Natives more at risk

Survey: Alaska Natives smoke more, exercise less than other state residents

Posted: Sunday, April 02, 2000

Alaska Natives are hit harder than other state residents by health problems such as tobacco use and lack of leisure time exercise, according to a survey by the Centers for Disease Control and Prevention.

The survey also found Alaskans as a whole apparently are less obese than those in other states.

Nearly 1,500 adult Alaskans were questioned by telephone in the recently-released survey from 1997 titled ``Behavioral Risk Factors Surveillance.'' Respondents included 1,077 white Alaskans, 313 Alaska Natives or Native Americans, and 66 Hispanics. Results were not compiled for groups with less than 50 respondents.

Residents were quizzed about behavioral risk factors such as avoiding physical activity, shunning mammograms and cervical cancer tests, overeating, smoking and not wearing seat belts.

Among Alaska Natives, 41.3 percent said they smoke cigarettes, while 24.7 percent of whites did. A total of 37.2 percent of Alaska Natives said they engaged in no leisure activity during the past 30 days, compared to 22.5 percent of Alaska's white population.

According to the CDC report, 33.5 percent of Alaska Natives reported having no health-care coverage, while 18.4 percent of whites had none.

Binge drinking was mentioned as a part of their lifestyle by 17.7 percent of Alaska Natives - only a little more than whites at 17.1 percent.

Although the respondents in the study were adults, the behavior of adults influences the lifestyle and health of children, said Mary Adelmeyer, a wellness advocate with Tlingit-Haida Headstart.

``If parents are sitting in front of the TV with a clicker eating junk food, drinking and smoking, it affects their children,'' Adelmeyer said.

From birth to three years of age, children develop a sense of self and a sense of how they interact with the world, she said.

``If they have parents who are active, they will lead a more stimulating lifestyle and have better emotional, physical and cognitive development,'' Adelmeyer said.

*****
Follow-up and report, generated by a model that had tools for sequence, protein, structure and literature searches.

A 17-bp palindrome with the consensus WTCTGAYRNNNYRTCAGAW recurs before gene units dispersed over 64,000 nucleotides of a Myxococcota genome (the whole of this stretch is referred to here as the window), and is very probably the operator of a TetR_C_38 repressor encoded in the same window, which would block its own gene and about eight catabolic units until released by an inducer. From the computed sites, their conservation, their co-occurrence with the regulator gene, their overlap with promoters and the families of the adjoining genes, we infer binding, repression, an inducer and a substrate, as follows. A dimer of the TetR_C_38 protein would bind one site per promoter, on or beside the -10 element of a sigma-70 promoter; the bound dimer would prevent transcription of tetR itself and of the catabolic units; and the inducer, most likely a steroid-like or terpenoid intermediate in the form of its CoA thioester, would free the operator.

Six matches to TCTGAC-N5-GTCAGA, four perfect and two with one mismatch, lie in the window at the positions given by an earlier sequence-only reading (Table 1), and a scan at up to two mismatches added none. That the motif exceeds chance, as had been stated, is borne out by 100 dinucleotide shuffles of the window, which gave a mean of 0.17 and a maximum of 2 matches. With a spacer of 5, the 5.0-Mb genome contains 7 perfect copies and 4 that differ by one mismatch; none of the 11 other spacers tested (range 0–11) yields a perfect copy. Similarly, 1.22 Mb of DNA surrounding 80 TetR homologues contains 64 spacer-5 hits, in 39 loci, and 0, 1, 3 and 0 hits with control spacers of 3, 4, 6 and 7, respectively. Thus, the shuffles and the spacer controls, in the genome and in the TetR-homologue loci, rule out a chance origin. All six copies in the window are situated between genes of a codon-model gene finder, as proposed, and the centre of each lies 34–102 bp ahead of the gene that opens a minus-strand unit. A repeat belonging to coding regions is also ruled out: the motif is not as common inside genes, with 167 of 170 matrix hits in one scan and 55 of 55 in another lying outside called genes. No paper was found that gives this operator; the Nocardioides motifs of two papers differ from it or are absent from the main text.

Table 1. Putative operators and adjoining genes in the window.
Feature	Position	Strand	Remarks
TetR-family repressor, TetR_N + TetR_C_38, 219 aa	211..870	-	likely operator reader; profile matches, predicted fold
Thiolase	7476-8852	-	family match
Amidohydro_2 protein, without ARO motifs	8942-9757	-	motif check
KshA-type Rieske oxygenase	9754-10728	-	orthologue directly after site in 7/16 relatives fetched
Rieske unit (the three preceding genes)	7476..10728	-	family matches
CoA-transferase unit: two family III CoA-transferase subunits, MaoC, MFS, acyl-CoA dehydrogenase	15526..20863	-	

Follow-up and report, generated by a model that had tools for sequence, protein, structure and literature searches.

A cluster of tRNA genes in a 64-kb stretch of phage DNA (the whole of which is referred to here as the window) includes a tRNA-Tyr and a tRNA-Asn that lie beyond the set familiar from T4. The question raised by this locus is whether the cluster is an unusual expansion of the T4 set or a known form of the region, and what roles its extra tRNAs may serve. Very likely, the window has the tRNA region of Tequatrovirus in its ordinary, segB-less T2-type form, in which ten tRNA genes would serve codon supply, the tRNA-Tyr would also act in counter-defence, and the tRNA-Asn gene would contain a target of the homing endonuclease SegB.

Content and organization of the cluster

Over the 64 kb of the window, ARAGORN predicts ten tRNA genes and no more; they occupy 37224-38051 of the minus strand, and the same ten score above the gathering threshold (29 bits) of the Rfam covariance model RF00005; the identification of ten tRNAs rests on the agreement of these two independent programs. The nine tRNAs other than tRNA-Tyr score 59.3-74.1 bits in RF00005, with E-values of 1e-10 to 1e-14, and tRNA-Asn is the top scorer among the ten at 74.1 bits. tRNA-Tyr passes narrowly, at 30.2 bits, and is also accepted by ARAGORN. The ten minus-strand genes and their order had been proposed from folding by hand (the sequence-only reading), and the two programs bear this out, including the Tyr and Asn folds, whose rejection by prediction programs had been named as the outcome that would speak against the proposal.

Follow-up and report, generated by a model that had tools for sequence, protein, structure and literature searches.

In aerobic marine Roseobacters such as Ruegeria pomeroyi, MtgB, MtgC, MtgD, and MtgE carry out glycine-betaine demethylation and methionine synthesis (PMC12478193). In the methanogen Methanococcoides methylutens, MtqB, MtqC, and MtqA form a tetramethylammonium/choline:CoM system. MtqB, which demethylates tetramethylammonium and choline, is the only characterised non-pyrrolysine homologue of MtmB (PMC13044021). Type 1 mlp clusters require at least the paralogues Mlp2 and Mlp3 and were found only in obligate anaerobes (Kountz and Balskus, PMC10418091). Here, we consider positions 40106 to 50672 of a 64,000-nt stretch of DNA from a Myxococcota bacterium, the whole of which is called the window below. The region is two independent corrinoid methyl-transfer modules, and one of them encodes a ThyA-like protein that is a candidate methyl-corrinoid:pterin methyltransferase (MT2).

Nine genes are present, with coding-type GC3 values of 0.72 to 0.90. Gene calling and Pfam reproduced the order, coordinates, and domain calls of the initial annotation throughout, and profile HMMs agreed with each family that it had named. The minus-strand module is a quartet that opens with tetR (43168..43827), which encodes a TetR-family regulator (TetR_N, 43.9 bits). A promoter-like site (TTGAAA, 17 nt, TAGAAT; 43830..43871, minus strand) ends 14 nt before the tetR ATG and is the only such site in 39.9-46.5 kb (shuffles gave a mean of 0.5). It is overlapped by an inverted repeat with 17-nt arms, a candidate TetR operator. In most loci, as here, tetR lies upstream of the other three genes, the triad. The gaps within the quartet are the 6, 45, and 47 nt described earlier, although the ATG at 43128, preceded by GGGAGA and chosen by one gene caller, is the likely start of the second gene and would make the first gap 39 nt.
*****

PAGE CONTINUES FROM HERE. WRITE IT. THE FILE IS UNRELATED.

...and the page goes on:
In at least one risk area, Native Alaskans scored markedly better than whites. When women were asked about mammograms within the past two years, 93.5 percent of Alaska Natives reported having the diagnostic breast x-ray, while only 76.6 percent of whites had done so.

A separate study by the Surgeon General in 1999 said more than 40 percent of all Americans are obese. Alaska residents in the 1997 CDC survey weighed in with lower numbers, with 19.4 percent of whites and 23.3 percent of Natives declaring themselves overweight.

Obesity and tobacco use are two of 11 priority health concerns listed by SEARHC in an April 1998 report, ``The Health of Our People.'' Of the deaths in 1994 among Southeast Alaska Natives, the report says ``half are preventable through lifestyle changes.'' Those changes include giving up tobacco, drinking less alcohol, consuming a lower-fat diet and exercising more.

Obesity isn't just thunder thighs or double chins, SEARHC noted. Lack of physical activity is a behavioral risk factor for heart disease, diabetes, colon cancer, osteoporosis and depression.

To combat obesity, SEARHC organized a clan exercise competition that started Saturday.

The Eagles Vs. Ravens Walk Contest ``has been one of our most successful programs ever,'' said Avis Hayden, a SEARHC health systems specialist.

The contest runs until June 3. Walkers earn one point for every 30 minutes of walking or other healthy physical activity. Incentives include 100-mile hats and Eagle/Raven scarves. The grand prize is a round trip ticket to Seattle.

Identifying and tracking health gaps between racial and ethnic groups state-by-state have gained impetus because the minority population of the U.S. is rising. In 1970, people in racial and ethnic minorities accounted for 16 percent of the population. By 1998, that proportion was 27 percent. By 2050, racial and ethnic minorities are expected to account for nearly half of the population.

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